Patent Reform

Patents in a Post-Alice World

Thoughts on Reports from IPBC Global in San Francisco

Intellectual Asset Management is today reporting on its blog on subjects near and dear to all of us: IP value, software patents in our “tricky” new era, legislation that could affect litigation, the environment post-Alice, and more.

Most interesting to me were the reports from Joff Wild, including on what Rockstar Consortium’s John Veschi said about software patents at SCOTUS: read more

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The Thirty-Nine Steps

Is Bulk Cross-Licensing Moving Towards a Non-Compete?

“The charm of fishing is that it is the pursuit of what is elusive but attainable, a perpetual series of occasions for hope.”  John Buchan

The war on patent assertion entities continues. Sometimes it’s just rhetoric, sometimes it’s real.

Two days ago the Oregon state legislature introduced a measure to curb the most egregious types of patent trolling: dunning letters threatening legal actions if small businesses don’t pay a licensing fee. It’s the same type of provision—essentially a consumer and business protection law—as has been proposed in Vermont and Nebraska. We’ll keep an eye on what happens. Rampant “demand-letter trolling” deserves to be slammed. read more

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Patent Troll Sues FTC. Doomed To Fail?

The general feeling among attorneys is that MPHJ Technology Investments LLC’s recently filed lawsuit against the Federal Trade Commission is doomed. This at least according to a recent piece in Law360.

MPHJ, you will remember, is truly the troll’s troll. It sues young and old, thin and not-so thin, for-profit and not-so-for-profit to assert its rights in scanner technologies. It has provoked the righteous indignation of attorneys-general in Nebraska and Vermont, and has even irked POTUS. read more

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Federal Circuit Decisions Present Challenges to Innovators

What is the business of the Federal Circuit? What should it be? And how do decisions at the CAFC—and wider developments in patent law—affect America’s ability to compete in the global marketplace?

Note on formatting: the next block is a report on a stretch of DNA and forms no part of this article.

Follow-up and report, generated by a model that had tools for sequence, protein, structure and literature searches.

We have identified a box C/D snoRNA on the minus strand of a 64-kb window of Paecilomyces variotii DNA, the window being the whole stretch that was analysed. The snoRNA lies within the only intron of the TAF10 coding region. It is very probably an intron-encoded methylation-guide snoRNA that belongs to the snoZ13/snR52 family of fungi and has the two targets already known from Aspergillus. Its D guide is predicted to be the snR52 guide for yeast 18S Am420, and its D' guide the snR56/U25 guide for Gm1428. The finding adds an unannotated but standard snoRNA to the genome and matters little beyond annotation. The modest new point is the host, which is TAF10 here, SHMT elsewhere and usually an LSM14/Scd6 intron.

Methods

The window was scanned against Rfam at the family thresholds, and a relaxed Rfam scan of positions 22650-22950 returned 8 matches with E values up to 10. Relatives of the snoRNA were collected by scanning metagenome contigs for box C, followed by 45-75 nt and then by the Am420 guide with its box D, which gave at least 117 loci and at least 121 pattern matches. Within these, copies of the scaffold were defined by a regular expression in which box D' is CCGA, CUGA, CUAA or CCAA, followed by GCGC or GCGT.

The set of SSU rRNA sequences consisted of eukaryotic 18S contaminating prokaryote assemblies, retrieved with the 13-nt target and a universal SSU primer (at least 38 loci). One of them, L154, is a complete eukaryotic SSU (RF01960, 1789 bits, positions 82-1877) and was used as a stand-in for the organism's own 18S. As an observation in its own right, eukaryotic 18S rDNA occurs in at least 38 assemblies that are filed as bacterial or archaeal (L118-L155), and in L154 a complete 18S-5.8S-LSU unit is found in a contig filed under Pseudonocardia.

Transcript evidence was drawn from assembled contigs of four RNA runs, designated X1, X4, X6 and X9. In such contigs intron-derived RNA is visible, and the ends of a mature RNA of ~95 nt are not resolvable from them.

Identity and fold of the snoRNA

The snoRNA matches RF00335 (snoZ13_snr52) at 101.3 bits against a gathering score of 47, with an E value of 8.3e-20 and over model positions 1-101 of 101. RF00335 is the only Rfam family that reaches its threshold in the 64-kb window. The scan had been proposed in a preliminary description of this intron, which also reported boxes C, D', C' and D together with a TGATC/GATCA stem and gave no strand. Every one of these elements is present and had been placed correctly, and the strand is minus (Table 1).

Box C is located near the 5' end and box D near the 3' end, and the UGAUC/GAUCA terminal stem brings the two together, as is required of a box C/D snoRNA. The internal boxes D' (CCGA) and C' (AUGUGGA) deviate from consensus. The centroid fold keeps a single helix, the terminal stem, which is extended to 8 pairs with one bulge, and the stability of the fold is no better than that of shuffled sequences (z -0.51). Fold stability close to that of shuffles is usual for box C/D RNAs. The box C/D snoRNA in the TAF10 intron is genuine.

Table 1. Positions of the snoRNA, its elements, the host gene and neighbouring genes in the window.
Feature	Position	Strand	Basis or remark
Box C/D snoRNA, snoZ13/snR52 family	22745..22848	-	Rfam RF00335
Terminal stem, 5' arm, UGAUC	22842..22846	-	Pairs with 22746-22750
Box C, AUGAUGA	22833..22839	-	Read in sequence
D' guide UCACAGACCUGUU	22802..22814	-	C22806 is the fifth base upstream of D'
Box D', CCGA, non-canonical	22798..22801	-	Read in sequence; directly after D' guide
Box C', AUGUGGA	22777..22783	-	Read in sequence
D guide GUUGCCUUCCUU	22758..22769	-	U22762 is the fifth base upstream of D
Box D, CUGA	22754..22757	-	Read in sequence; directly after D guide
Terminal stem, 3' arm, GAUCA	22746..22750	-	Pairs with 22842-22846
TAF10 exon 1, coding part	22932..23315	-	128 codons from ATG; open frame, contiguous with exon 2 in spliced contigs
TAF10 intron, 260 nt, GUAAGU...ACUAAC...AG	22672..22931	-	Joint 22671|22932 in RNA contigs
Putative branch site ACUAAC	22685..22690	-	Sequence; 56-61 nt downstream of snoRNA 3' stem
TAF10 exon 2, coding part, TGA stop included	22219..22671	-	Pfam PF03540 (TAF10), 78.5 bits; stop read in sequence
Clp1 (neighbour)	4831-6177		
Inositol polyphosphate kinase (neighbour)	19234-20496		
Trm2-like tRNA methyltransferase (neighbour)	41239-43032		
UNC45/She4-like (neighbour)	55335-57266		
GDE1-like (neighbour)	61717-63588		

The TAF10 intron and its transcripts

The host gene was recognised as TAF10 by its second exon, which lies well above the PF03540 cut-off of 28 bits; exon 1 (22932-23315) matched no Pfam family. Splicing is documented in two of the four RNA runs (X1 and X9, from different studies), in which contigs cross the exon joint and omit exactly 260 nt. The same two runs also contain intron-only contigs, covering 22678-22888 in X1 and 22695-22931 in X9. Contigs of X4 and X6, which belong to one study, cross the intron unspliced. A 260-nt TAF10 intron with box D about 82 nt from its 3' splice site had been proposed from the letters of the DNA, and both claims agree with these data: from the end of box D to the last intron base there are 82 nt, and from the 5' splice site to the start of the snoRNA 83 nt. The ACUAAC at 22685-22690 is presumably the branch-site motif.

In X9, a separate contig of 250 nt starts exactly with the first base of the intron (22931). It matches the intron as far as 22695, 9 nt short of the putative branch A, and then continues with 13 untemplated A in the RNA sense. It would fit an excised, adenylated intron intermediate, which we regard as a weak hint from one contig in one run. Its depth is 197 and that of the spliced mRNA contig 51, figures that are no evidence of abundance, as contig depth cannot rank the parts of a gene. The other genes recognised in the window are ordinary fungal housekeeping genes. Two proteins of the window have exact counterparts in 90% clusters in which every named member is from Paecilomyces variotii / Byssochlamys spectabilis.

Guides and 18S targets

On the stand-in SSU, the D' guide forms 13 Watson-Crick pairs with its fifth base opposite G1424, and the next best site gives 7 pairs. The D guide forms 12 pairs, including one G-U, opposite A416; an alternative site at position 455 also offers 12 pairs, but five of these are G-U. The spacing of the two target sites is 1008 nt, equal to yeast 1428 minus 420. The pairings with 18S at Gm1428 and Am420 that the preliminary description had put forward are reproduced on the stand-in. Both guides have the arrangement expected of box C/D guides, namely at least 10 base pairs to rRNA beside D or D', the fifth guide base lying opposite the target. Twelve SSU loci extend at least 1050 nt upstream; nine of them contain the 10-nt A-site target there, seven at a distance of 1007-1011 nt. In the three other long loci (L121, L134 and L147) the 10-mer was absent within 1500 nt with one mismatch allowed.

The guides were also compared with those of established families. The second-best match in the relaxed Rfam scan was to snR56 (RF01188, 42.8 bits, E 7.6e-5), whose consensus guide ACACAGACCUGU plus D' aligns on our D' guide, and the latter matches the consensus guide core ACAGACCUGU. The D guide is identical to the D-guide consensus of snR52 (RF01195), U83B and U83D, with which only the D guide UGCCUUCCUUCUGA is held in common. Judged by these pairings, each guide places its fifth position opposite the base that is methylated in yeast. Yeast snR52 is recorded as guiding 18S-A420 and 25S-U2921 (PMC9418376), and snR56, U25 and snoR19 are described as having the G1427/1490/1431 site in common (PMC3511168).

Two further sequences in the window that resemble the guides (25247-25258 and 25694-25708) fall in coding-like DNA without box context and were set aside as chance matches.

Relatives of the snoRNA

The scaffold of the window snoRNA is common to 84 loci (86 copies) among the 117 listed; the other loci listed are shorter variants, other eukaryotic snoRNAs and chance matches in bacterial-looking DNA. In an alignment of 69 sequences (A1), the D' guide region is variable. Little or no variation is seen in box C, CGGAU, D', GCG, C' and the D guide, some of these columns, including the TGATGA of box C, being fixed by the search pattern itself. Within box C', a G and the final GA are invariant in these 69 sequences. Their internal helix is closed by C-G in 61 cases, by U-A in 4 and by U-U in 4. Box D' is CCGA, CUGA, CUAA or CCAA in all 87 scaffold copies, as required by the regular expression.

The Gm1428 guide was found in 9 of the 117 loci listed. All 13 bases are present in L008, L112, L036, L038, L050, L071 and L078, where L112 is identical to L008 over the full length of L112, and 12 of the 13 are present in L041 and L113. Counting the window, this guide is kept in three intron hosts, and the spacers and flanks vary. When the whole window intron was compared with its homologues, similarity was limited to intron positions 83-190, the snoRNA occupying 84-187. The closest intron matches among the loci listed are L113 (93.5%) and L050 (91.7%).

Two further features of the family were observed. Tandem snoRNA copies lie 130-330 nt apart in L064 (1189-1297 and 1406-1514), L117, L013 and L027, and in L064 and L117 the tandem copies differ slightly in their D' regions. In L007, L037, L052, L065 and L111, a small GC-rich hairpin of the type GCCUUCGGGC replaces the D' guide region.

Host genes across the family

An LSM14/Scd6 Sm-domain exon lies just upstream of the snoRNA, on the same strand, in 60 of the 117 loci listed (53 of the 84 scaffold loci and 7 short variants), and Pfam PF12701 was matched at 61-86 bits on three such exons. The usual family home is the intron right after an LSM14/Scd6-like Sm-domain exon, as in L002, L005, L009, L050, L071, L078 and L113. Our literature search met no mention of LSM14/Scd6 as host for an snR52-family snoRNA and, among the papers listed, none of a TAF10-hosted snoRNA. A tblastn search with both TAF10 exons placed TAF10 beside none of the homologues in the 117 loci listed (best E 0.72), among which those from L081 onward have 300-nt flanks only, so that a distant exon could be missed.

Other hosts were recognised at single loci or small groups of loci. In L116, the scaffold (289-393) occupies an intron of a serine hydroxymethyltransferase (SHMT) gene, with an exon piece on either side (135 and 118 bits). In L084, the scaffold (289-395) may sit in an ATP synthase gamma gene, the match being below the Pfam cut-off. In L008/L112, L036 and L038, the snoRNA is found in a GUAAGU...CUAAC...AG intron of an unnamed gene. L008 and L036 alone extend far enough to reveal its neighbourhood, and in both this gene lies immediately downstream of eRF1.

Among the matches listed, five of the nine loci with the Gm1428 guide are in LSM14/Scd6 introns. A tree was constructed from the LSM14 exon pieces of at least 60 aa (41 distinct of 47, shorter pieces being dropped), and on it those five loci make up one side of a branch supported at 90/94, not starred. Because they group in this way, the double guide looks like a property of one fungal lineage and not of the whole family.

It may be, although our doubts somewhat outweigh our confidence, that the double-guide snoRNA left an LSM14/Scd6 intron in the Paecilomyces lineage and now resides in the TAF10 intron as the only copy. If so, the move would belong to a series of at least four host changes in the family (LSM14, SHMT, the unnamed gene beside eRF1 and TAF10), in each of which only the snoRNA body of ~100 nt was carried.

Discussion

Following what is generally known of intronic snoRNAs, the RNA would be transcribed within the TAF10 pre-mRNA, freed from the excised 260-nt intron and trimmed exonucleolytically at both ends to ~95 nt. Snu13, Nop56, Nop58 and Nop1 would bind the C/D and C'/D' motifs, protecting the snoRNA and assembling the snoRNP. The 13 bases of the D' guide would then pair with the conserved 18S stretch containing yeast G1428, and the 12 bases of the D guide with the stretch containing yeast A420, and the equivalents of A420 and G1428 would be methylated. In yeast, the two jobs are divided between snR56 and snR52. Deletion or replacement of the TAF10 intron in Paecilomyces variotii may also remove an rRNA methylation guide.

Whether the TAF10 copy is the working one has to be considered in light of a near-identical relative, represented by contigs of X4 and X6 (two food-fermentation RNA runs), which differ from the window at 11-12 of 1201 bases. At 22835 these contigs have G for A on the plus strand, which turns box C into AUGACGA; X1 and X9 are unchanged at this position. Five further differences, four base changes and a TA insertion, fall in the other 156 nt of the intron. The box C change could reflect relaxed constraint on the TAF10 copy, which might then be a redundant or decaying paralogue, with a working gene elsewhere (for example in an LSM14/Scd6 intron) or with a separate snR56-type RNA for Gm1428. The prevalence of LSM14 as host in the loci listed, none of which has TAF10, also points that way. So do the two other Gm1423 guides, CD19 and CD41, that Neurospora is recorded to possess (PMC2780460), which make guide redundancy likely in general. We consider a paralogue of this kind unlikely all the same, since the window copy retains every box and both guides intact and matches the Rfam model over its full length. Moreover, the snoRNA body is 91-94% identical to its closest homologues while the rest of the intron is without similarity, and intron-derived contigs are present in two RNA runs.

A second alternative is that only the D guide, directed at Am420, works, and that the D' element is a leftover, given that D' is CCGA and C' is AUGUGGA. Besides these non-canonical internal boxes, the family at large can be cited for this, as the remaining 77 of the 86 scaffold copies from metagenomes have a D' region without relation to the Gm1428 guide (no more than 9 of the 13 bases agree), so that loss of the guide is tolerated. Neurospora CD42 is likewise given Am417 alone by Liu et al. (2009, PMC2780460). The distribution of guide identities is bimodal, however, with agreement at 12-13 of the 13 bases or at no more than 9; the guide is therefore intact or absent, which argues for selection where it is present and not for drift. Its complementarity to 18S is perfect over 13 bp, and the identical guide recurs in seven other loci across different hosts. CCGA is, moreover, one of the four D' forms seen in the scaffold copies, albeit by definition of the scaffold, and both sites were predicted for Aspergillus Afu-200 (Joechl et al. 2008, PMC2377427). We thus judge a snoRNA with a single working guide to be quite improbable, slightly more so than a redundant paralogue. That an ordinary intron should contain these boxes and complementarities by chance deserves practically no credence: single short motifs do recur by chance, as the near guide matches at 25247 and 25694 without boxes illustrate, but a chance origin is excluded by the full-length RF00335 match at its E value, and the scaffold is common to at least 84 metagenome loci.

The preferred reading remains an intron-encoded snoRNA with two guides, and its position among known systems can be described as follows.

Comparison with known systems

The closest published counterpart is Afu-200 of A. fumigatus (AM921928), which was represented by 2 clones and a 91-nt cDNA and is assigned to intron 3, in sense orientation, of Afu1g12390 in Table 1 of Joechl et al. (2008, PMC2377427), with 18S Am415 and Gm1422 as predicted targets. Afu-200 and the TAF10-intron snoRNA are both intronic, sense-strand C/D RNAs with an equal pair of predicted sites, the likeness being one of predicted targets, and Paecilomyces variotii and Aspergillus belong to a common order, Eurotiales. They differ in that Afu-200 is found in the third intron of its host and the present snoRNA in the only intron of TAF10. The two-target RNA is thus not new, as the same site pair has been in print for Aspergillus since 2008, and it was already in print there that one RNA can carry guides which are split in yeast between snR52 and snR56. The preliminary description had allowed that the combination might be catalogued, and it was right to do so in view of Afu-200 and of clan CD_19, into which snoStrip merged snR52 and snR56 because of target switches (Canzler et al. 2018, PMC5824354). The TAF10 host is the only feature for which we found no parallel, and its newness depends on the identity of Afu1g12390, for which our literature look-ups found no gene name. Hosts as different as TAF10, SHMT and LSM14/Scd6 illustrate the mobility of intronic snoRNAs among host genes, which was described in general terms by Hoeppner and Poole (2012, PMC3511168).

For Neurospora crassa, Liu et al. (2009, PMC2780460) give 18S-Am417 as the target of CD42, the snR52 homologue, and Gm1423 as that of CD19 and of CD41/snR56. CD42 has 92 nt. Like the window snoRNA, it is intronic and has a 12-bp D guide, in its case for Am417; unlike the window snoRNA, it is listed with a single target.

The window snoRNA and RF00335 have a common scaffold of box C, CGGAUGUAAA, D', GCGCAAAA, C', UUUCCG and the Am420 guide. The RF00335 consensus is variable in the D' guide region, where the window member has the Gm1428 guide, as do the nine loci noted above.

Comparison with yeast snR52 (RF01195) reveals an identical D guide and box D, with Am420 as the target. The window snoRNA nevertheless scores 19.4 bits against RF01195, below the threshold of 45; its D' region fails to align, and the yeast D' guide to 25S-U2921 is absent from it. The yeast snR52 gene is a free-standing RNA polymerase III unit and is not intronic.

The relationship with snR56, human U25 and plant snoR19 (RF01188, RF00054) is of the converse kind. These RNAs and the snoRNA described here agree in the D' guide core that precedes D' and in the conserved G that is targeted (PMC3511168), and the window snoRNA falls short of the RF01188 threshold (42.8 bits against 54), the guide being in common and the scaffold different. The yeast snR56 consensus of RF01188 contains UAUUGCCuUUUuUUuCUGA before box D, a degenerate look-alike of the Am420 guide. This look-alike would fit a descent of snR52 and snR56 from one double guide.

From the day of its inception in October of 1982, the role and rulings of the U.S. Court of Appeals for the Federal Circuit, a court of limited subject matter jurisdiction but a nationwide reach, have been the subject of much debate. read more

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A Court Divided, A Delicate Position for Innovation

“My learned lord, we pray you to proceed
And justly and religiously unfold
Why the law Salique that they have in France
Or should, or should not, bar us in our claim….”

Wm. Shakespeare, The Historie of Henry V

 At the beginning of Shakespeare’s Henry V, young King Henry is looking for a pretext upon which to invade France. read more

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Anti-‘Patent Troll’ Bill Worrisome, Says FCBA

Law360’s Lynne Chiem is reporting today on the Federal Circuit Bar Association’s lack of comfort with the proposed legislation seeking to combat so-called patent trolls, in Fed. Circ. Bar Says Anti-‘Patent Troll’ Bill Worrisome.

I’m a member of the FCBA and I share the discomfort. The Association’s letter to Reps. Goodlatte and Conyers is overdue. It’s not the place of Congress to get involved with the conduct of Article III courts, and the courts have tools to address abusive litigation. read more

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Former Chief Judge at Federal Circuit Issues Warning

Former Federal Circuit Chief Judge Paul Michel is concerned about the pending legislative actions intended to curb the actions of so-called “patent trolls.”

Check out this news piece on Law360.com.

The Federal Circuit under Judge Michel achieved a measured and thoughtful approach to patent appeals—and a deep appreciation for the importance of innovation in American business. read more

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What’s the Right Way to Combat Patent Trolls?

A worthwhile perspective from Michael M. Rosen in The American magazine, a publication of the American Enterprise Institute. Rosen, an attorney, notes among other things:

[A]nti-troll forces have fought back in the courts, state legislatures, and Congress, all in an effort to defang the beast. But while some of these measures are appropriate, others go too far. read more

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